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The Secret Language of the Forest Moles
Posted By Matthew J. Neagley On January 21, 2011 @ 1:23 am In Tools for GMs | 9 Comments
Languages in RPGs have a lot of potential, but they often get relegated to the realm of soulless mechanics, or even hand waved completely. Looking at novels, we see that languages are used as inspiration, flavor, and to instill a sense of wonder.
Languages are mysterious:
If no one in the group knows a language, that language and what it holds is a mystery. This is especially true if it’s resistant to magic or skill based attempts to make it understandable. You probably shouldn’t place necessary clues in a magic and skill resistant language, but the very presence of such a thing makes for excellent window dressing and can form the base of a stimulating puzzle.
Languages are magical:
Languages in RPGs don’t have to be just different ways of talking. What about a language that’s actually a viral alien species in your sci-fi game or a language only able to be read by the criminally insane for your horror game?
Languages make your world more vivid:
Languages, even languages that don’t form a barrier to your group’s communication are excellent ways to add flavor and backdrop to your world. Picking a small list of adjectives that describe a language and using them to describe the “musical elven tongue” or the “brutal orcish pidgin” when they come up is an excellent way to make them easier to imagine, without much effort.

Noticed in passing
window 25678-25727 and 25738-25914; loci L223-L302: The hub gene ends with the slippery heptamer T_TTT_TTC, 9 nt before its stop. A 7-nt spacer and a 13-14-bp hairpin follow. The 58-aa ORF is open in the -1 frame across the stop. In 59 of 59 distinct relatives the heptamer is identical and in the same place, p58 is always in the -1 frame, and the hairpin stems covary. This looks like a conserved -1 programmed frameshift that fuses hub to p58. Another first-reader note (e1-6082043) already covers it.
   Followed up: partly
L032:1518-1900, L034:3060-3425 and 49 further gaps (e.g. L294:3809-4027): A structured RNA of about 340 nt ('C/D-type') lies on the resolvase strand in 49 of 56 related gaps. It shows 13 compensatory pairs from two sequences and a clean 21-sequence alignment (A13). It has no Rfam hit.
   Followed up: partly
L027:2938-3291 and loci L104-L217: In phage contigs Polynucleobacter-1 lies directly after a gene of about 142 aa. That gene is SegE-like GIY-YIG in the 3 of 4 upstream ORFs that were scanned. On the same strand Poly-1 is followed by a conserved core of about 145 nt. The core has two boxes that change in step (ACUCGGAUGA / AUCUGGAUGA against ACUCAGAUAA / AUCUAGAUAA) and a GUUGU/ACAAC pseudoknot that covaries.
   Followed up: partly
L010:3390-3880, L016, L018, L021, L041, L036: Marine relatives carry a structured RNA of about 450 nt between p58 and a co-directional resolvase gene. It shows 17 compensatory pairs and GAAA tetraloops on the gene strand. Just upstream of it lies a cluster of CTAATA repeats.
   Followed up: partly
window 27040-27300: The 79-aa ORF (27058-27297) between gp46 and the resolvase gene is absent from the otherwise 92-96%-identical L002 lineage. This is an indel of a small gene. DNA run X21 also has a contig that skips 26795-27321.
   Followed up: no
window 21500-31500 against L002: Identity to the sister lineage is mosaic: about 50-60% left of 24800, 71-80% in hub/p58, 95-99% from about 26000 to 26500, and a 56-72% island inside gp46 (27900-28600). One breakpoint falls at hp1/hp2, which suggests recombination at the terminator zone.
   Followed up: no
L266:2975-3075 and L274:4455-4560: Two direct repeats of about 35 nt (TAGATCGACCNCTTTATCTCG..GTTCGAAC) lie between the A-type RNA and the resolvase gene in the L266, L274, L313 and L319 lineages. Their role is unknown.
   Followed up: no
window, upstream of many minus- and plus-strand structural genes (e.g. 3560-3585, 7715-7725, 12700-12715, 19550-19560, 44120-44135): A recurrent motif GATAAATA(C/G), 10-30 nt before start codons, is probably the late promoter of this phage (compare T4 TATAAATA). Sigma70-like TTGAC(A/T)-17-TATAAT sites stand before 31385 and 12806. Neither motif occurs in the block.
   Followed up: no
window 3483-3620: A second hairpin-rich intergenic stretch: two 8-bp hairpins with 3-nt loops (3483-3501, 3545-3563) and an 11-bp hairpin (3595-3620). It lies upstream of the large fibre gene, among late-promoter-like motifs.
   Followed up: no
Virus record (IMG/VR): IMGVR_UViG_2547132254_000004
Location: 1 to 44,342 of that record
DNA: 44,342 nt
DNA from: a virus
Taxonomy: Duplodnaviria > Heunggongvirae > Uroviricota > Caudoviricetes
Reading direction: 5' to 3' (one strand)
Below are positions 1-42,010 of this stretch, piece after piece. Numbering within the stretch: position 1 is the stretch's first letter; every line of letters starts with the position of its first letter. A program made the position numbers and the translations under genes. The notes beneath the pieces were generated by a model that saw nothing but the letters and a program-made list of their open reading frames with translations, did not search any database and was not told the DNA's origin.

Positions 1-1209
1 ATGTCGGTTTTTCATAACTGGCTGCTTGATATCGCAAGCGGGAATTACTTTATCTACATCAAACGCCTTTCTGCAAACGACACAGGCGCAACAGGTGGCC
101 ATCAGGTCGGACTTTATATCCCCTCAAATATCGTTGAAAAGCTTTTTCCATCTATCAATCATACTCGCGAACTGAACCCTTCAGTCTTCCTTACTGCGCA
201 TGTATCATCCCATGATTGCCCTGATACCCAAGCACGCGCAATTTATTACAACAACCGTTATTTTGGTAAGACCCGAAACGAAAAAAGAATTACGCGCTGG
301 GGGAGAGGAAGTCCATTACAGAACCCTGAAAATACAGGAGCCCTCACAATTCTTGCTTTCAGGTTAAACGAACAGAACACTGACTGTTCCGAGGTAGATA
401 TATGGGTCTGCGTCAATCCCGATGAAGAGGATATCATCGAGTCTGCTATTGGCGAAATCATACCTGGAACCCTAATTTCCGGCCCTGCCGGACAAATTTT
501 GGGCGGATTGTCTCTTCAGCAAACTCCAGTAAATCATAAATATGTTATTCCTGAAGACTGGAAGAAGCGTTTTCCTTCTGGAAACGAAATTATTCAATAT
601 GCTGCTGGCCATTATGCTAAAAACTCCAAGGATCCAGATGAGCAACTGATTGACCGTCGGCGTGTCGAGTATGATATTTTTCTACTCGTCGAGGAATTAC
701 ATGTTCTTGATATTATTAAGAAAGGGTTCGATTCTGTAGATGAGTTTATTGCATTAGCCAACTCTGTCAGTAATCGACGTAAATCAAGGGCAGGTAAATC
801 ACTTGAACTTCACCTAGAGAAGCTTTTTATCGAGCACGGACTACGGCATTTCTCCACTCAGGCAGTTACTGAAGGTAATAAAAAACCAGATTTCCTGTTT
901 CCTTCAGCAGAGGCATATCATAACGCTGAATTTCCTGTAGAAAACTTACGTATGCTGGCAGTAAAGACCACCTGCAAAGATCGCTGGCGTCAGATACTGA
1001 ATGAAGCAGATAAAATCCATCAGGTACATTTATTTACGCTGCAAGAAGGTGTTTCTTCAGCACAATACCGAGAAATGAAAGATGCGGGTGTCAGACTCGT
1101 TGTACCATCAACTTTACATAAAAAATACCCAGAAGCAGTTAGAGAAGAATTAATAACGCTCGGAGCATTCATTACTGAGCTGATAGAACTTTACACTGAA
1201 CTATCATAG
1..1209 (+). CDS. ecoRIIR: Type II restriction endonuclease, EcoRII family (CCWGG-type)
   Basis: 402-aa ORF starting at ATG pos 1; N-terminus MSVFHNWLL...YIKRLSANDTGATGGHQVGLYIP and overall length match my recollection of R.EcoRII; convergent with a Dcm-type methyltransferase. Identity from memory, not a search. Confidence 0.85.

Languages identify culture:
In the real world, languages are more exclusive than inclusive. Even if you speak a second language, your accent belies your status as an outsider. This makes guarding language and using your native tongue a matter of pride, not an inconvenience to be tossed aside the instant you write “common” on your character sheet.
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